The Pantera Place
"Your de Tomaso Connection"
Maintenance and Safety Inspections
By Mike Dailey
The Pantera like any super performance car has areas that need regular maintenance checks and safety inspections. The area of most concern in the suspension, suspension mounts, drive train, steering and brakes.
Back A Arm Mounts
Photos by Charlie Mccall
These images show how the right back lower A arm mount has pulled through the sub-frame rail on a Euro GT5S. The frame and back wheel houses on the GT5S are constructed differently than on the regular production 1971 - 1974 Panteras because the original frame parts were no longer available when the GT5Ss were built. This is a very rare incident but it is still a good area to inspect during your regular maintenance. I've been told that that over tightening of the A arm mount nut can crush the sub-frame. The early Panteras have extra bracing and mods that were added in the back and front suspension areas after Ford did extensive testing of the cars at the Dearborn test track facility in 1971.
Front A Arm Mounts
Photo by Mike Drew
This image shows how the front lower A arm mount has come loose from the sub-frame rail of the car. This is a very rare incident but it is still a good area to inspect during your regular maintenance. The early Panteras have extra bracing added to the front suspension that attach to the bottom for the sub-frame and extend under the A arm mount for more support.
ZF Tansaxle Ring Gear
The bolts that attach the ring gear to the carrier can come loose and fall into the gears and destroy the ZF or cause the ZF to lock up. The failure of the ZF bolts is common occurrence and should be inspected to make sure the bolts have been safety wired. Unfortunately the ZF must be removed from the car to inspect the ring gear bolts.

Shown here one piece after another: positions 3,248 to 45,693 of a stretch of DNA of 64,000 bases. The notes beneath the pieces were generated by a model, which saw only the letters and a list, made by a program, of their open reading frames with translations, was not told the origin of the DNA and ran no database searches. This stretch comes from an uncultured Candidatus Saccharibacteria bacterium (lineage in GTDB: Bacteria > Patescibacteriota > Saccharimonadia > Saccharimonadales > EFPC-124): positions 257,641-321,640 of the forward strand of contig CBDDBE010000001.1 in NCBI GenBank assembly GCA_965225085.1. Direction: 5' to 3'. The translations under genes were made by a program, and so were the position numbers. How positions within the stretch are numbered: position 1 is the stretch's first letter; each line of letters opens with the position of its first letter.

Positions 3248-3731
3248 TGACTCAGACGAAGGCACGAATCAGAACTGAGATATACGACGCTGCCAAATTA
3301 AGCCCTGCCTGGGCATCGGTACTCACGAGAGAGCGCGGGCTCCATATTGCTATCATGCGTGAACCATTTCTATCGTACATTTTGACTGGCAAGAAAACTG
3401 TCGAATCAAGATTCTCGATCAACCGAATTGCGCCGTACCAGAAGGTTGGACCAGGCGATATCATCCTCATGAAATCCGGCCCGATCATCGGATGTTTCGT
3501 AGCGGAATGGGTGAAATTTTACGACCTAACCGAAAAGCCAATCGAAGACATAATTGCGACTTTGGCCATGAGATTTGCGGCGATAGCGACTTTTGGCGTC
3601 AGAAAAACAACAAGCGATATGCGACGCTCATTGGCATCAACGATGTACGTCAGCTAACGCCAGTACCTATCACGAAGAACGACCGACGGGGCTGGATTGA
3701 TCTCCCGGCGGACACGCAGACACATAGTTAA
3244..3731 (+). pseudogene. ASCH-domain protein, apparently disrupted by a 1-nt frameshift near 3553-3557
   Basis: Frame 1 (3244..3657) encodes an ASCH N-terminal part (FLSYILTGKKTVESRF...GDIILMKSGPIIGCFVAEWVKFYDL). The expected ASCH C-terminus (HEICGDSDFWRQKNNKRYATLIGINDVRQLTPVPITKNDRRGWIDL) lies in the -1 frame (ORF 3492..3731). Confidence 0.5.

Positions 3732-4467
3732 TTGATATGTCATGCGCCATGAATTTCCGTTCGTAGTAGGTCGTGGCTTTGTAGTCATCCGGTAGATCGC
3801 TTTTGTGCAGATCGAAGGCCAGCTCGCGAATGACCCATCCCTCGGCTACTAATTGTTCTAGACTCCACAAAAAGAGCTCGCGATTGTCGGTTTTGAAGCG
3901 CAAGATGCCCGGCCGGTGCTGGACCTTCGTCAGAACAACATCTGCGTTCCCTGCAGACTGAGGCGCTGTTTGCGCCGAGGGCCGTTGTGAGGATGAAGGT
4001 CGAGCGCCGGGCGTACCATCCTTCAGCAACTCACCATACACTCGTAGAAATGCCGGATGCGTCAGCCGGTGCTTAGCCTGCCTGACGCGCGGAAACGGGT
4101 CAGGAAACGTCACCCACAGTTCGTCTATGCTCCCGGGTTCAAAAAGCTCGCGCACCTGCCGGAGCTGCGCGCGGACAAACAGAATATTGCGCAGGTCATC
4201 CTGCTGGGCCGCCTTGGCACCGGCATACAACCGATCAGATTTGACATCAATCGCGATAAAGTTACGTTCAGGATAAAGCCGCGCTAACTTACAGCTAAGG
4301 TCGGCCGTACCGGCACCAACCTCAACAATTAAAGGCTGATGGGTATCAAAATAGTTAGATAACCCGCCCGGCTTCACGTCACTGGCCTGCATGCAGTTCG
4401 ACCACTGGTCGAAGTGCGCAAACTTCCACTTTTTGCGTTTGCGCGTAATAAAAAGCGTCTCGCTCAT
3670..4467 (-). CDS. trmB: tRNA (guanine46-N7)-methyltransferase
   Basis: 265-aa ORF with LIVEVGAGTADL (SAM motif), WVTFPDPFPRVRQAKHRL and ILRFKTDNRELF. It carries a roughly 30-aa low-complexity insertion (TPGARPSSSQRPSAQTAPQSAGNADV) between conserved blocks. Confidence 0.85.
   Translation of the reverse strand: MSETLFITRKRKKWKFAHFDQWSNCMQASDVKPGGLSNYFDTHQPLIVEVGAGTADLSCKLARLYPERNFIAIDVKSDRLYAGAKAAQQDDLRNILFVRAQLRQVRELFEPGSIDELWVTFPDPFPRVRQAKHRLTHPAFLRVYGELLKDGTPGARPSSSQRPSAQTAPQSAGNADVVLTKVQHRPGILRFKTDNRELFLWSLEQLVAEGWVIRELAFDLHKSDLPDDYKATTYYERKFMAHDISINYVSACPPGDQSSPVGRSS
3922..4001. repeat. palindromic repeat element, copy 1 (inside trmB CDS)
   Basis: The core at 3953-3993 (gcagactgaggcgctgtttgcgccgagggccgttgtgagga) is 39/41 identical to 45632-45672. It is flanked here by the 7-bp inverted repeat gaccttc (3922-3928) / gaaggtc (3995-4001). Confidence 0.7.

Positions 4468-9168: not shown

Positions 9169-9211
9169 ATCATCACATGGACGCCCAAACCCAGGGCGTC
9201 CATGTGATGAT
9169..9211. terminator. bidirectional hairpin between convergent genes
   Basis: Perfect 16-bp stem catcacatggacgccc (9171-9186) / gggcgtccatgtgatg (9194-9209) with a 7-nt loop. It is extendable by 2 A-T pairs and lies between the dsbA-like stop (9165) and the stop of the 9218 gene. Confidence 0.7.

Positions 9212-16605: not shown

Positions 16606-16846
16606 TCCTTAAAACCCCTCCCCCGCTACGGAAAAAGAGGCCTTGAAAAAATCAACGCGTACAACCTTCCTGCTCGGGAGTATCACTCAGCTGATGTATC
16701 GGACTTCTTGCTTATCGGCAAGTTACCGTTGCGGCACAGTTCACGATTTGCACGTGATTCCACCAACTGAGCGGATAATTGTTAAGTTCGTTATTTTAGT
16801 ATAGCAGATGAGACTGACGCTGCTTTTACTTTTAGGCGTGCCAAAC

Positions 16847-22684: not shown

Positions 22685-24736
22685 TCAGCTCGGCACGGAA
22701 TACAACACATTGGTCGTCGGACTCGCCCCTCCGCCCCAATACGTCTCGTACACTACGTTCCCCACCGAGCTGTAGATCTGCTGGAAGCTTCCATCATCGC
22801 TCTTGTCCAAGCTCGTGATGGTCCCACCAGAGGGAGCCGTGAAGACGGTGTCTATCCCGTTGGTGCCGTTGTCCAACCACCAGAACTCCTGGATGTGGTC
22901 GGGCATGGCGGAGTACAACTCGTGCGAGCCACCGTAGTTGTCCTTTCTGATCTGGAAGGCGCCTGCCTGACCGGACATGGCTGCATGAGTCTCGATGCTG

Photo by Mike Drew
The original plastic bushing used on the passenger side of the steering rack is prone to wearing and allowing the end of the rack and tie rod to move. This allows the passenger side wheel not track correctly with the diver side wheel and causes sloppy steering. This can be tested by checking for any side movement of the tie rod at the end of the steering rack.
Structural Body Corrosion
The body of the Pantera is of monocoque design. This type of body is not very resistant to corrosion because the number of parts welded together to form the car structure creates lots of places for water to collect. The above image shows an example of a very badly corroded away front cross member and front valance that has been poorly patched with a piece of angle iron. The corrosion of the front cross member usually starts on the bottom side that is covered by the valance and is not visible unless the valance is removed. It is a good idea to inspect the structural parts of the Pantera body for corrosion. This corrosion link details what to look for.